Egyptian archaeologists have discovered a mummy in one of two previously unexplored tombs across the Nile from the southern city of Luxor, the antiquities ministry said Saturday.
The tombs were found in the 1990s by German archaeologist Frederica Kampp, though she had only reached the entrance gate “but never entered”, the ministry said.
It said that both tombs, which were given numbers by Kampp, were likely to date back to dynasties of the New Kingdom, which lasted several centuries until about 3,000 years ago.
Since Kampp’s discovery, “both tombs were left untouched” an Egyptian archaeological mission started work.
Antiquities Minister Khaled al-Enany was in Luxor to announce the discovery in Draa Abul Nagaa necropolis near the famed Valley of the Kings, where many pharaohs, including Tutankhamun, were buried.
In addition to funerary items, archaeologists found “a mummy wrapped in linen”, the ministry said, adding that “studies suggest the mummy could be for a top official or a powerful person”.
The owner is unidentified, though the ministry said they have two possible identities.
The tomb might belong to “a person named Djehuty Mes whose name was engraved on one of the walls”, the ministry said.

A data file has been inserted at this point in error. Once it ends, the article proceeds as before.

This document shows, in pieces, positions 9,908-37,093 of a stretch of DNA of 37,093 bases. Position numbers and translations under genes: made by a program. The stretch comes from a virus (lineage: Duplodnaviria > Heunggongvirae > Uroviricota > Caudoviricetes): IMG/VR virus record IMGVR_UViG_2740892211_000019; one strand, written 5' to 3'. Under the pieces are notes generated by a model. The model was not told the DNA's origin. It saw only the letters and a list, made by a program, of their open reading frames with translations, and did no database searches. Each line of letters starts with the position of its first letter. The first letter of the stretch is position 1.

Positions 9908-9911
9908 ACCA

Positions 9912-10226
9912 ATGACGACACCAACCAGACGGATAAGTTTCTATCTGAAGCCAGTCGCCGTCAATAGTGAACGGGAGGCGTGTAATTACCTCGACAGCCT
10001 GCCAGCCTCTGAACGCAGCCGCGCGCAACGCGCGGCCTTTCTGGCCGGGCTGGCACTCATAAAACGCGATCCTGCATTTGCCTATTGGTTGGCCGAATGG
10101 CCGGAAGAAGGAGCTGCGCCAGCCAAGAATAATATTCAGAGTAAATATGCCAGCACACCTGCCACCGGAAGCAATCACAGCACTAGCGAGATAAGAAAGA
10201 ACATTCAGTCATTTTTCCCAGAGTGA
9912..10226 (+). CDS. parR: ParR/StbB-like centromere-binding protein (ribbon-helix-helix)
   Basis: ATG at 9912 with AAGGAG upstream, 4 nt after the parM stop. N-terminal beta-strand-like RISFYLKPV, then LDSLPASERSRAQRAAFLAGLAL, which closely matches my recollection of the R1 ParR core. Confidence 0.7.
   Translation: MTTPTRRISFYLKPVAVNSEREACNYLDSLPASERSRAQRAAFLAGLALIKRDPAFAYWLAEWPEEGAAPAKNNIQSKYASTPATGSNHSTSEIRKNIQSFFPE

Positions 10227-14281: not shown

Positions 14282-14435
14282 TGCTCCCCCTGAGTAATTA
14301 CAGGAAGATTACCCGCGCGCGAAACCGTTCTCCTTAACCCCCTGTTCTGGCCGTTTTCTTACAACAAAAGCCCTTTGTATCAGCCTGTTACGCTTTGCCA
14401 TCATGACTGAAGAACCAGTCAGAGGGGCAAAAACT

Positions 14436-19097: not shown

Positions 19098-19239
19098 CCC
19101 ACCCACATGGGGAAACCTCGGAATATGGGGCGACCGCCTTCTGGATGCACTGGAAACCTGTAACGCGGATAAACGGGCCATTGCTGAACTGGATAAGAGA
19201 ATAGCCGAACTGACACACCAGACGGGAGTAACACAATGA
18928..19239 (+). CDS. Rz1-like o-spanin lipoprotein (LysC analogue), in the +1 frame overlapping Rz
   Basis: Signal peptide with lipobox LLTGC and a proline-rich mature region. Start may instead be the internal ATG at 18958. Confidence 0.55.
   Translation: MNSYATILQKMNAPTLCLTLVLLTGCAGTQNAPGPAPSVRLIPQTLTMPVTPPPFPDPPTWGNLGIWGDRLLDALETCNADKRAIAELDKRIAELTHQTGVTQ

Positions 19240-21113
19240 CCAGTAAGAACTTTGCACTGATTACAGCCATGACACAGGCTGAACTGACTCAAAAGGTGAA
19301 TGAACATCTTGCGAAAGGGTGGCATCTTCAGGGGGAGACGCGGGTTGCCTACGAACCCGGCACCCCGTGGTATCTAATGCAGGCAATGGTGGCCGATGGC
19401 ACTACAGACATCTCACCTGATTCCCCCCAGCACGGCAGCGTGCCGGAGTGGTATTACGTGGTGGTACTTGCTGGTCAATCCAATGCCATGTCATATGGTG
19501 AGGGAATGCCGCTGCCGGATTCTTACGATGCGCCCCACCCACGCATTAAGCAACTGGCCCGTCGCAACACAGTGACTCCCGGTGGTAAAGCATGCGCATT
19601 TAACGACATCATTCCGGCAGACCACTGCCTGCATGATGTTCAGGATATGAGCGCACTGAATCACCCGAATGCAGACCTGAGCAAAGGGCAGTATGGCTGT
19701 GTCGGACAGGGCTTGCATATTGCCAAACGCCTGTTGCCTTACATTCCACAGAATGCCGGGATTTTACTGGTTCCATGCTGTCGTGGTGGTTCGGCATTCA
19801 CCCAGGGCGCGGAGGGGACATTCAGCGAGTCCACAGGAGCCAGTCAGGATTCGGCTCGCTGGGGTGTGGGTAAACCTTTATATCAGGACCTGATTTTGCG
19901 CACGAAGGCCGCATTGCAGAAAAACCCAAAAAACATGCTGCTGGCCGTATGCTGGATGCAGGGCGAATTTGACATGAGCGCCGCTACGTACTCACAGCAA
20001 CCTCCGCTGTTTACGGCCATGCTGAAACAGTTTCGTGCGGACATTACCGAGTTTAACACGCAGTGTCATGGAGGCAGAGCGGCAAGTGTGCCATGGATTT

Or it could belong to “the scribe Maati as his name and the name of his wife Mehi were inscribed on 50 funerary cones found in the tomb’s rectangular chamber”.
The other tomb was not excavated and only “uncovered” in April, the ministry said, adding that the tomb’s owner is not yet known.
“The tomb has a court lined with stone and mud-brick walls. It has a six-metre (-yard) deep burial shaft at its southern side that lead to four side chambers,” the ministry said.
“Studies reveal that the tomb was reused in antiquity,” it said.
The tomb contains several artefacts and a depiction of “a person, probably the deceased’s brother, presenting offerings and flowers to the deceased and his wife”.